If the Court trying an offence under Section 83, finds that the employee has been dismissed, discharged or reduced in contravention of the provisions of Section 83, it may direct that the employee shall be reinstated forthwith or by such date as may be specified in the order.'

'86. Penalty for wrongful dismissal etc., of an employee.-

(1) Whoever contravenes the provisions of Sub-section (1) or (2) of Section 83, shall, on conviction, be punishable with fine which may extend to five thousand rupees.'

4. It will be seen that when an employee is dismissed, discharged, reduced or otherwise punished in contravention of Section 83, the employer commits an offence which is punishable under Section 86. While trying an offence relating to the contravention of Section 83 if it is found by the Court that any employee has been dismissed, discharged or reduced in contravention of Section 83 i.e. an offence under Section 86 is made out, it may direct the reinstatement of the employee under Section 85. It would be seen from the language used in Sections 83, 85 and 86 that Section 85 is not independent of Section 86 but confers jurisdiction on the Court to pass a consequential order of reinstatement after the contravention complained of under Section 86 is established. It is only when an offence is proved under Section 88 that an order under Section 85 would be made. The learned counsel for the petitioner was not able to point out any case under Section 85 where reinstatement would be ordered when no offence under Section 86 was made out.

Order under Section 86 is made appealable under Section 65. Under Section 65 (1) (a) the appellate court in deciding the appeal against the conviction under Section 86 can reverse the finding of the trial court and can hold that there was no contravention of Section 83 and no offence was made out. The appellate court will on such a finding acquit the accused. The finding in appeal that there has been no contravention of Section 83 and that no offence has been made out under Section 86 will demolish the foundation of the order of reinstatement under Section 85, and that order being of a consequential nature, the appellate court will have power to set it aside. The origin and existence of an order under Section 85 is solely dependent upon the existence of an order of conviction under section 86 and when the latter is set aside in appeal the former falls along with it. It was therefore, not necessary for the Legislature to make independent provision for appeal against an order made under Section 85,

If the argument of the learned counsel for the petitioner were to be accepted, most illogical result will follow. The position would then be that although the Industrial Court would be able to set aside the order of conviction under Section 86 on the finding that there was no contravention of Section 83, the consequential order of reinstatement under Section 85 which on this finding will be exposed to be wholly invalid will be allowed to perpetuate. In our opinion, such an illogical and anomalous result was never intended by the Legislature. The true construction of the provisions is that on a finding that the employee was not dismissed, discharged or reduced in contravention of Section 83, the appellate court has jurisdiction not only to set aside the conviction under Section 86 but also the consequential order of reinstatement made under Section 85.

5. It is next argued that the finding that there was no contravention of Section 83 is not correct. It is pointed out that when the petitioner was reinstated by order of the Labour Court in the earlier case, he was not liable to do the extra work resulting from the reduction of the strength of Strippers and was obliged to do only that much of work which a Stripper was doing before the reduction of strength.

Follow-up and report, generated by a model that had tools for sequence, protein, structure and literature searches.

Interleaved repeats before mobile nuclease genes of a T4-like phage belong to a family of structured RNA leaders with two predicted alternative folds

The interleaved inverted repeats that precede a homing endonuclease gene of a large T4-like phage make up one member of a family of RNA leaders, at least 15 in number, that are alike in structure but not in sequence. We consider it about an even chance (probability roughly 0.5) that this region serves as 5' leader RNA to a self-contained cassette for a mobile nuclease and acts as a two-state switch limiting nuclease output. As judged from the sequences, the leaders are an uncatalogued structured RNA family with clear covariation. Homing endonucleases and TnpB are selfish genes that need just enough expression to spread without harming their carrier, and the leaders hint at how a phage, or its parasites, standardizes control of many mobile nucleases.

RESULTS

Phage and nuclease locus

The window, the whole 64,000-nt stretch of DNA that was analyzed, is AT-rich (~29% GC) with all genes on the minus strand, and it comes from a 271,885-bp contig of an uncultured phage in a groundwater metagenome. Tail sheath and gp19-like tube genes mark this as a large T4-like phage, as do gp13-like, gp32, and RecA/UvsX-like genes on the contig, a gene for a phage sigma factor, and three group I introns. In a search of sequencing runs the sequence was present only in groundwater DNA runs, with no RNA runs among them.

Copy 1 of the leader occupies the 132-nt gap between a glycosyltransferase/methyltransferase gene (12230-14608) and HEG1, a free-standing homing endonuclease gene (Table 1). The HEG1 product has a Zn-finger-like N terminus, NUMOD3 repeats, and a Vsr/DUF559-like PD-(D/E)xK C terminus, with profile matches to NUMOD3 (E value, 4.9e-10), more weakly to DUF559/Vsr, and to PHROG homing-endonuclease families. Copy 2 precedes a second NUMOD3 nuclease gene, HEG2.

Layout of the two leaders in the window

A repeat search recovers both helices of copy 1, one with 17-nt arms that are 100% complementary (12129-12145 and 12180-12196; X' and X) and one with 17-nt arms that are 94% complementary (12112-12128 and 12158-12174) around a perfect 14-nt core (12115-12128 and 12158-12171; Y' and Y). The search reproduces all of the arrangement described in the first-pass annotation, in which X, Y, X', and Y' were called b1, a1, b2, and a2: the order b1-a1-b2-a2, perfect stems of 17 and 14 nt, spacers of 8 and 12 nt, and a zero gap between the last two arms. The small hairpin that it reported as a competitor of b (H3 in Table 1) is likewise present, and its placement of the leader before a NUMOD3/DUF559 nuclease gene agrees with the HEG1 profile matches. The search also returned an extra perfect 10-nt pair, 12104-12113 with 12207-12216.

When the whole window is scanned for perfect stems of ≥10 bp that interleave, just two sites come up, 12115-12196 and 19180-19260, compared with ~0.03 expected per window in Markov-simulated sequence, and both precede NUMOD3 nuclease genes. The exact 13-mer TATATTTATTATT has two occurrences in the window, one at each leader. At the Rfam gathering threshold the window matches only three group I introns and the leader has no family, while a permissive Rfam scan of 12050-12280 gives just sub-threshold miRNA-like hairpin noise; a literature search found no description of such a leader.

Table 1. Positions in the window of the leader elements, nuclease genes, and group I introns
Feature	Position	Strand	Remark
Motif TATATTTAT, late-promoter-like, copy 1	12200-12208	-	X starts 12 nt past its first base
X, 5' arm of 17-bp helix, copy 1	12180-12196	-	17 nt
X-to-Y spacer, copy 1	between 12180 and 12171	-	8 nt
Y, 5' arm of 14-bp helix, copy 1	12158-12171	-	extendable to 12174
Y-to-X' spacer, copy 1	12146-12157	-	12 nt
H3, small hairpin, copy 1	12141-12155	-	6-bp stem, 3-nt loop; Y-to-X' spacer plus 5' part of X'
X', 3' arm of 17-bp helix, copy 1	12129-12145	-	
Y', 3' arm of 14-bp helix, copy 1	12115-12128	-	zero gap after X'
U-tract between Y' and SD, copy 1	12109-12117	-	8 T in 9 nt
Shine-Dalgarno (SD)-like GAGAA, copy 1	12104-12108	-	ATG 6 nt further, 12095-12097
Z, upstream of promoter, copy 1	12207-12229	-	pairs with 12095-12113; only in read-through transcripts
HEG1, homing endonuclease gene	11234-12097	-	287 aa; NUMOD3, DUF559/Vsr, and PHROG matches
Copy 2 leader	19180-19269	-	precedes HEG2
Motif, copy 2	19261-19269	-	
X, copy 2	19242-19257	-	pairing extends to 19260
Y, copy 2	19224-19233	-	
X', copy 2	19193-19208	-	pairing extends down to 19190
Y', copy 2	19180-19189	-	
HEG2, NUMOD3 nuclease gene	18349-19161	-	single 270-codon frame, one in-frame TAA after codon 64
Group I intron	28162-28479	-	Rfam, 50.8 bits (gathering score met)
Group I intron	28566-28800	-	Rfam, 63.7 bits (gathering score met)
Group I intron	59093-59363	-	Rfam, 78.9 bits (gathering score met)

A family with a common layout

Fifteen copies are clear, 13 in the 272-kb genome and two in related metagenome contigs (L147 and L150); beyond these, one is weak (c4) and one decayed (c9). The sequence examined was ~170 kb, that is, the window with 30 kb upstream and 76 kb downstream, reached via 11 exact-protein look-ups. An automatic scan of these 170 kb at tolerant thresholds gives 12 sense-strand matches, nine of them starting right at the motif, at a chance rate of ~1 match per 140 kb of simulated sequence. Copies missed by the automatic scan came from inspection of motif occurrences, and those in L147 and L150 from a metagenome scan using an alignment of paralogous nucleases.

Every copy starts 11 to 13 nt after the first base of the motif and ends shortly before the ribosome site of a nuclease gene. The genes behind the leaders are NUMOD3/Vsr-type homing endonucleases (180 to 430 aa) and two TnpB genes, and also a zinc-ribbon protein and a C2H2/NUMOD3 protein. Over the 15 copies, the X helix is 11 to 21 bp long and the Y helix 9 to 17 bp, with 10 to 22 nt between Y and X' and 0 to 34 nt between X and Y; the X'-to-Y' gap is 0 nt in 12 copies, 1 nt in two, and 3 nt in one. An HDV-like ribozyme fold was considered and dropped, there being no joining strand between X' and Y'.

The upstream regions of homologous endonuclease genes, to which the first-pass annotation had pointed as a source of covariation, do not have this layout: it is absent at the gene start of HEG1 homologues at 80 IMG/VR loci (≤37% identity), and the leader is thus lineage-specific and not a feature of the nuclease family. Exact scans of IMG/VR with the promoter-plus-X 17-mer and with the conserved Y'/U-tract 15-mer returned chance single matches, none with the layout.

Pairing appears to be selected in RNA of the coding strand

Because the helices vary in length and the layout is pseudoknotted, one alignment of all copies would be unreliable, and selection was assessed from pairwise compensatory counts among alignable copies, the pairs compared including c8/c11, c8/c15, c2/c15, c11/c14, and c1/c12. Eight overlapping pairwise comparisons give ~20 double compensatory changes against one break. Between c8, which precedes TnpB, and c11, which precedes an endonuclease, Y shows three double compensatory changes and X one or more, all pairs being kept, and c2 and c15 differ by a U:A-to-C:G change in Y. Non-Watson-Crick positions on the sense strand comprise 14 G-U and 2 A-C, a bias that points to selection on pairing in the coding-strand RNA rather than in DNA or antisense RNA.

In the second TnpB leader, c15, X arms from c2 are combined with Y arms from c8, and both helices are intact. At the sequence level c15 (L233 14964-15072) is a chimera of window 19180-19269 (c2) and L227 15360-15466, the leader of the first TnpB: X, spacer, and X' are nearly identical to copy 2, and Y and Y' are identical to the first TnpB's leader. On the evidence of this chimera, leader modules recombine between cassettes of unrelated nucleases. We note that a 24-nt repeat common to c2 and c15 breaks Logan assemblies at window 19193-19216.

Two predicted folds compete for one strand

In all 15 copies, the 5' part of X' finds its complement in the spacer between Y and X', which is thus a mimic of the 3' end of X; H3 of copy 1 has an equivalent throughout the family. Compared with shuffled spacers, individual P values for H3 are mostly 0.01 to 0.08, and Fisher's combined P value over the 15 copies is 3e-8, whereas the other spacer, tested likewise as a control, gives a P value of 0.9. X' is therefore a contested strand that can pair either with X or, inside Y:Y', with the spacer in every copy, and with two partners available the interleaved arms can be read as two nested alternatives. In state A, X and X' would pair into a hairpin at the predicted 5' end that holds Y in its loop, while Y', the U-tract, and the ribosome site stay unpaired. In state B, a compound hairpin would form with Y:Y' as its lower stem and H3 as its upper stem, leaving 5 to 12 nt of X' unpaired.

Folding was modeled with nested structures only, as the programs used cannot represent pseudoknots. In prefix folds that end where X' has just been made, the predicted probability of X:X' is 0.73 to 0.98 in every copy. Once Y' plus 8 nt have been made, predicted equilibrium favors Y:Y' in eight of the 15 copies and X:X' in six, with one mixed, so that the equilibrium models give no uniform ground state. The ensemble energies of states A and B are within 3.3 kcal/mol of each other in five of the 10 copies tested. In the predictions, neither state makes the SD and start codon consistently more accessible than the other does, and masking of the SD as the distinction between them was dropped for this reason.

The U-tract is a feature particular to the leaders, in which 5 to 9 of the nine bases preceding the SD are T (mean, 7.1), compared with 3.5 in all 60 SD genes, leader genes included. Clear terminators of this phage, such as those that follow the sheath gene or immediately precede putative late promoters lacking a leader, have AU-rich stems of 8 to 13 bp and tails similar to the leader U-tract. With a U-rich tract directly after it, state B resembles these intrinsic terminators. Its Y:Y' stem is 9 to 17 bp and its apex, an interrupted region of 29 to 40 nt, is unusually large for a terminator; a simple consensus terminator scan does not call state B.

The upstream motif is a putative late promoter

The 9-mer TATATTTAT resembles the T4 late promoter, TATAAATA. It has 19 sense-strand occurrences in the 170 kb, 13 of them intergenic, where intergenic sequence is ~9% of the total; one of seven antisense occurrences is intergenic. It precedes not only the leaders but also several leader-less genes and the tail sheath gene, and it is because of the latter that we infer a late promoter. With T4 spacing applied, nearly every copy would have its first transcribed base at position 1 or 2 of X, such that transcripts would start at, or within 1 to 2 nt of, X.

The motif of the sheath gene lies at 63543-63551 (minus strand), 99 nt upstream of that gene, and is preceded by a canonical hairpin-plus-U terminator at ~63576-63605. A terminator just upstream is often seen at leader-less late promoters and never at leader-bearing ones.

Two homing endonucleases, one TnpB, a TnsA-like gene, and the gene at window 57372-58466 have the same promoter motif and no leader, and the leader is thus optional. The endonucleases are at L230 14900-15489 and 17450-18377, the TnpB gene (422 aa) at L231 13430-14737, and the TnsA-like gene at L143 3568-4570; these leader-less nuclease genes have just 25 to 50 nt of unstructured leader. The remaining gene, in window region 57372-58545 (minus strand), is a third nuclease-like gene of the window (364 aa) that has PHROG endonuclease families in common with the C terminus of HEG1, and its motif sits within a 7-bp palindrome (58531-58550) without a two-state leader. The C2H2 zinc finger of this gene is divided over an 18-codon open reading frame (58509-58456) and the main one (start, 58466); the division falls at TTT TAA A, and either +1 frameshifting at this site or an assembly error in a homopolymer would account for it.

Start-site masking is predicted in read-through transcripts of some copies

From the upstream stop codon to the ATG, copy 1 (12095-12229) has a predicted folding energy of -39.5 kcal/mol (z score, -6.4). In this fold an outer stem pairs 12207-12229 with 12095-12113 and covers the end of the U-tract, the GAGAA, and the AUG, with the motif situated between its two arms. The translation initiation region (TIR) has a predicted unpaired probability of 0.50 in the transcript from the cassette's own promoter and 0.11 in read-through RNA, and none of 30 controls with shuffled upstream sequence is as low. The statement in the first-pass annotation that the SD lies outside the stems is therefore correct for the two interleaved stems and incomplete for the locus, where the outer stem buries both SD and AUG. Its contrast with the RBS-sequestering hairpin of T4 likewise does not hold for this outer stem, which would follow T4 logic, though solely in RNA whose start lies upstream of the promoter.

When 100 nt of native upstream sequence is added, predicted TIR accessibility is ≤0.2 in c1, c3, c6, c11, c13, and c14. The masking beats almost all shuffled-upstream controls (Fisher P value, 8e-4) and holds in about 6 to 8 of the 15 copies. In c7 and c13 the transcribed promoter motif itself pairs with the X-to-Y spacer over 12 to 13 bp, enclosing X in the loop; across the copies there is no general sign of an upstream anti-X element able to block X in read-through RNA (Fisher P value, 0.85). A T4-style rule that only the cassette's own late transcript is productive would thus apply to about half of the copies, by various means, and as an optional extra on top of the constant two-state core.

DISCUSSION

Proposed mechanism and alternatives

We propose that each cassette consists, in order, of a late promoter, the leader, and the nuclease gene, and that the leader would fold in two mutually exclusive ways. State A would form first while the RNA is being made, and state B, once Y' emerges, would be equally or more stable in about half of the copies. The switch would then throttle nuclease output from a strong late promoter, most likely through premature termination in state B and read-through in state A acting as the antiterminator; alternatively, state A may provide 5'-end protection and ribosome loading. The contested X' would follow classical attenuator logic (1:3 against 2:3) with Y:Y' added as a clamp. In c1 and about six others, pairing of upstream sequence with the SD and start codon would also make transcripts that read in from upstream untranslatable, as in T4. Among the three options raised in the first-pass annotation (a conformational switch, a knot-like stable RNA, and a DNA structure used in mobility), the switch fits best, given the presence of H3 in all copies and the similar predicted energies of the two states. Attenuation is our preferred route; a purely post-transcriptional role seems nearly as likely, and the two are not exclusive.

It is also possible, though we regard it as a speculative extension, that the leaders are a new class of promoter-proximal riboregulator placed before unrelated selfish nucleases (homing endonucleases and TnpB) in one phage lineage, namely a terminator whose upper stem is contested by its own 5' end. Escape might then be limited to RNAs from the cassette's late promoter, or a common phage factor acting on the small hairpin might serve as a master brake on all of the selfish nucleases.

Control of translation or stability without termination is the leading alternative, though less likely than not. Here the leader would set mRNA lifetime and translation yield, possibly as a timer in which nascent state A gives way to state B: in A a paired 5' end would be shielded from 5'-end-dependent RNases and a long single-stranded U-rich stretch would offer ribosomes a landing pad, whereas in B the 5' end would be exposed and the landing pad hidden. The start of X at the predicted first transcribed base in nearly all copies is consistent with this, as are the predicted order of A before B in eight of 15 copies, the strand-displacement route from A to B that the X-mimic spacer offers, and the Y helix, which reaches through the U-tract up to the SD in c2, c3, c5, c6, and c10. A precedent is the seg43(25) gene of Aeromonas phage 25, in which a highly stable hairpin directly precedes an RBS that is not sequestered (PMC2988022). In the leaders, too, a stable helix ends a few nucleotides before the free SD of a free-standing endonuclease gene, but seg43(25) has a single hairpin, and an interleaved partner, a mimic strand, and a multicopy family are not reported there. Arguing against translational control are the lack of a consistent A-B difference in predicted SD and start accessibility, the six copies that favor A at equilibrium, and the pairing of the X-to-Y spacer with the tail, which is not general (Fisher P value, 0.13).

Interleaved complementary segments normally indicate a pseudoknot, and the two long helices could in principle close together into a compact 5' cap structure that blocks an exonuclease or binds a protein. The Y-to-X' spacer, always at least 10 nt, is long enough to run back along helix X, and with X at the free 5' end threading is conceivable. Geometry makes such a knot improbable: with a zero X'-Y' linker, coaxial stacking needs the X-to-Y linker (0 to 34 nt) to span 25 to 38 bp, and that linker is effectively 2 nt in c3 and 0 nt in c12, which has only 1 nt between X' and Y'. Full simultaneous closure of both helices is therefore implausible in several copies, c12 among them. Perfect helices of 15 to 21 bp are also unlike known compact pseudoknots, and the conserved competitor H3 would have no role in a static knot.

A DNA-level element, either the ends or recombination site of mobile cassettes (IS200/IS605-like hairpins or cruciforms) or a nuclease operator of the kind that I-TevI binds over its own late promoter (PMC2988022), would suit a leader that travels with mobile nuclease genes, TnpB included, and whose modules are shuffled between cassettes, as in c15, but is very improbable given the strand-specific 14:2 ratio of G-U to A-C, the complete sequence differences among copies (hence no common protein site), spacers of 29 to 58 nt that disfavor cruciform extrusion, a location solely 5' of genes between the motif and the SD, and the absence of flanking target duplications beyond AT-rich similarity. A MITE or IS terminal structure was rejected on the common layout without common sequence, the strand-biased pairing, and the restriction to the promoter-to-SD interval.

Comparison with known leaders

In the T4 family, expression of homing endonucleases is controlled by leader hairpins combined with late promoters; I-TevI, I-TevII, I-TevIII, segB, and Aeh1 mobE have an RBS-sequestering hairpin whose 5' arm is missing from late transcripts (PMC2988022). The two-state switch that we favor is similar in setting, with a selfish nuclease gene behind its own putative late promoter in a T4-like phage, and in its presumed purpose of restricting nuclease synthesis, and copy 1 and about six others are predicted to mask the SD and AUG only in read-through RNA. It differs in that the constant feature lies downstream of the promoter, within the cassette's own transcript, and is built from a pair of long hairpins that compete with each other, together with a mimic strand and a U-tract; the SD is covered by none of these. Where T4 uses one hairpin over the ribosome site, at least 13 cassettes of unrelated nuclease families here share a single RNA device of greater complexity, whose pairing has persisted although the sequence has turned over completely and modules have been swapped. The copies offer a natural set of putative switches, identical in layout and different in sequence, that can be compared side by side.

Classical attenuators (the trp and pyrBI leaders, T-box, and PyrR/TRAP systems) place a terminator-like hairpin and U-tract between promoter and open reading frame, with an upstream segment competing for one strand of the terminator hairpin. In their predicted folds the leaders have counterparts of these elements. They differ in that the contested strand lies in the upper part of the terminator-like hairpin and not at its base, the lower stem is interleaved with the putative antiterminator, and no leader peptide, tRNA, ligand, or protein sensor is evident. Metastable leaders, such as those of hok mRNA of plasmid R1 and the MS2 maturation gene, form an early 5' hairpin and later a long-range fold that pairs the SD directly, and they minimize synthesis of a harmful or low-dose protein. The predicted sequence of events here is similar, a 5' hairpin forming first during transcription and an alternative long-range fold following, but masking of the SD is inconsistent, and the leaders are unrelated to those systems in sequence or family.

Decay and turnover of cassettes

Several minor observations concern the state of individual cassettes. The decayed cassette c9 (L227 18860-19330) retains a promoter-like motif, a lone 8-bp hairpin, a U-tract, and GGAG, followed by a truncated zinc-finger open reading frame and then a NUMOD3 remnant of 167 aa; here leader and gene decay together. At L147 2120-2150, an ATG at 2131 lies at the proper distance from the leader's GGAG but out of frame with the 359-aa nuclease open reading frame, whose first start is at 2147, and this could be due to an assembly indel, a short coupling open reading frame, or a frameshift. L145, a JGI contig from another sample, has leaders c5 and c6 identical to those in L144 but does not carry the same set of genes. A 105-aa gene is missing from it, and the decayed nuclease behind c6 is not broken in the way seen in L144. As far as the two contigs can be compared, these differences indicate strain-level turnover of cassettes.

6. The question to be determined before the Labour Court and the Industrial Court was whether the petitioner was dismissed by reason of the circumstances mentioned in Clauses (b) and (c) of Section 83, that is to say, by reason of the circumstance that he obtained an award against the employer or that he instituted the earlier proceedings against the employer. The finding of the Industrial Court is that the dismissal of the petitioner was not by reason of any such thing. The employer in accordance with the agreement with the representative union of Labour reduced the strength of the Strippers. Previously there were four Strippers and after the agreement, they were reduced to two. This naturally increased the work-load but the wages also increased. The employer wanted that the petitioner should do the work in accordance with this agreement. Before this agreement every Stripper was required to clean 35 machines, but after it each Stripper was required to clean 70 machines. The employer honestly believed that the petitioner on reinstatement was liable to do the work of cleaning 70 machines. The petitioner, however, refused to clean more than 35 machines. On complaint being made, he was given a simple warning at 10-15 A. M. and when he refused to do any further work, he was again warned at 12-30 P. M. Thereafter, he was suspended and a domestic enquiry was held.

The reason why the employee was dismissed was not the circumstance that he had obtained an award against the employer or that he had taken any proceeding against the employer under the Act, but because he refused to do the work of a Stripper of cleaning 70 machines. It is here not necessary to decide whether the petitioner was bound by the agreement made by the representative union and it is sufficient to say that the employer believed that the petitioner was bound and was liable to work in accordance with that agreement. What is material is that the dismissal of the petitioner was not by reason of the circumstance that he obtained an award or took proceedings under the Act against the employer. We are satisfied that the finding given by the Industrial Court that the employer did not commit any contravention of section 83 is not in any way erroneous.

7. The petition fails and is dismissed with costs. Counsel's fee Rs. 50/-. The outstanding amount of security deposit shall be refunded to the petitioner.